In an interesting fraud a Mumbai based cooperative bank found that Rs 1.05 crores was fraudulently transferred out of its account with another public sector bank by fraudulent RTGS transfers. TOI report
The amount has been transferred to 12 different accounts and withdrawn as it happens in all phishing cases.
The incident highlights the security vulnerabilities in the banking system and possible insider involvement besides KYC failures.
I would like to highlight here a suggestion I had made to RBI regarding imposing fines on the erring collecting bankers who failed in their KYC to generate funds for a “E banking Security Guarantee Scheme” by which the victims can be immediately compensated.
In the instant case since the transfers have been through RTGS the average amount transferred per account is close to 10 lakhs.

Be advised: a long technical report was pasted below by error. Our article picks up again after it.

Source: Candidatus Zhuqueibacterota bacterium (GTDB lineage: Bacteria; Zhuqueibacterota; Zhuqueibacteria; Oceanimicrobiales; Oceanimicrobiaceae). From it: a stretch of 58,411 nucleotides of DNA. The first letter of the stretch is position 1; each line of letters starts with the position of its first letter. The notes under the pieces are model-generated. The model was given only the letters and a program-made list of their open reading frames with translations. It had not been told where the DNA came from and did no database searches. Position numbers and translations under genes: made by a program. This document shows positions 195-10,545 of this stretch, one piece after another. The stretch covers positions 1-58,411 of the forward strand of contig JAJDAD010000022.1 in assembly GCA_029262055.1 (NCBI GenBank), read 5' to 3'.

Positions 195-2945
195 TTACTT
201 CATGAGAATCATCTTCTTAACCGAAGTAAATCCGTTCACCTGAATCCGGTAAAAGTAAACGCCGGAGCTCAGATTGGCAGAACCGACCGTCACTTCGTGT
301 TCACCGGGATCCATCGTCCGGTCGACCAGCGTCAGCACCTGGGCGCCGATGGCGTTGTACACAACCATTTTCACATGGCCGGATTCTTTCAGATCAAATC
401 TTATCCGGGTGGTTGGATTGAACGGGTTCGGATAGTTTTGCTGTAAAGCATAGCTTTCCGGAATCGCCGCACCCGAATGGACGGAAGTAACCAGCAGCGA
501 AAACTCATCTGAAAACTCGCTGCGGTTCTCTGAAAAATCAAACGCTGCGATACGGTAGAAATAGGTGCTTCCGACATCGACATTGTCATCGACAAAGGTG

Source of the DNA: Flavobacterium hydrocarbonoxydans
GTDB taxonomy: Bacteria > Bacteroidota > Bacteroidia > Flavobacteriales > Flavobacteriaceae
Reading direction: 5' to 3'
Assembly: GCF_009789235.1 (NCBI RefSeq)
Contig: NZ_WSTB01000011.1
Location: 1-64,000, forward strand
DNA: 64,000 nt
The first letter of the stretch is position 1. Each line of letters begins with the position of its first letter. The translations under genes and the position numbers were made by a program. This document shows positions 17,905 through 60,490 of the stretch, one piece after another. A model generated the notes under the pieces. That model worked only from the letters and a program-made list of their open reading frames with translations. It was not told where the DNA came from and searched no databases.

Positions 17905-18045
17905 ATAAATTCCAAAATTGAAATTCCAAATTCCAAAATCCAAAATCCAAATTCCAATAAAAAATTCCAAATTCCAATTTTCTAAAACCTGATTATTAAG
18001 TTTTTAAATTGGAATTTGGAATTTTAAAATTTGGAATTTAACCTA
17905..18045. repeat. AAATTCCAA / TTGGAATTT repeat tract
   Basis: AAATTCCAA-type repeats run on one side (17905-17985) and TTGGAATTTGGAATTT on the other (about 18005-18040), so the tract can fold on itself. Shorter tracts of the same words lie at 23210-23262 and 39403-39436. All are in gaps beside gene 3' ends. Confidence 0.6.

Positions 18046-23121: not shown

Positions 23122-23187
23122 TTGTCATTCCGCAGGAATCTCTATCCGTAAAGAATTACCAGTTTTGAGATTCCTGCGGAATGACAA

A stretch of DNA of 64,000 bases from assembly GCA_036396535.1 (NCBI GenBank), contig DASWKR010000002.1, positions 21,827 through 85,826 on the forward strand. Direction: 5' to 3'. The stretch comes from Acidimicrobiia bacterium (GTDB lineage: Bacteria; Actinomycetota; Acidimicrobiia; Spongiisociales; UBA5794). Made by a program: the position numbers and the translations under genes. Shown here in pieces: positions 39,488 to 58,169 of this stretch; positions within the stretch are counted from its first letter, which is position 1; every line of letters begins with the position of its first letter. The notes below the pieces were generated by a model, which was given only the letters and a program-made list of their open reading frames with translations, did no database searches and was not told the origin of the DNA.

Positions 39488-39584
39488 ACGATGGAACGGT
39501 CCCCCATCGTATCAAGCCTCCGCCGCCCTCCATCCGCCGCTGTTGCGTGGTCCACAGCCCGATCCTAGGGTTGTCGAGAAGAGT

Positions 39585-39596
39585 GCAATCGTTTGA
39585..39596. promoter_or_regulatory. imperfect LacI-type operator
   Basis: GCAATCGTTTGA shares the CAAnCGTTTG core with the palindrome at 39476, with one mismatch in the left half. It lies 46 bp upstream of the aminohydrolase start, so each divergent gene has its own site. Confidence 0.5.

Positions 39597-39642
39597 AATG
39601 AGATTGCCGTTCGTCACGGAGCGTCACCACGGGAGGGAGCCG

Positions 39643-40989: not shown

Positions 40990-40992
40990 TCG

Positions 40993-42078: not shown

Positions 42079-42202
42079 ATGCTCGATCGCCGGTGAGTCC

The incident also highlights how the higher “per transaction limit” increases the risk. It is for this reason I have been advocating that in the case of individuals, per transaction and per day limit of transfer should be kept low to reduce the risk of such frauds though in the instant case since the victim is a Bank, no such limit could have been chosen.
So far we have been fighting the case of individuals vs banks and there have been an unholy alliance between bankers to bully the victim customers into submission and absorb the losses. Judicial authorities such as “Adjudicating Officers in Karnataka, “Cyber Appellate Tribunal” have failed to protect the interests of the people. DIT has failed to keep the cyber judicial system in operating condition and preventing victims from getting any relief.
It would be interesting to see how RBI reacts to this incident where one bank’s interest is pitted against other banks. The action taken in this case would be a good precedent to other cases.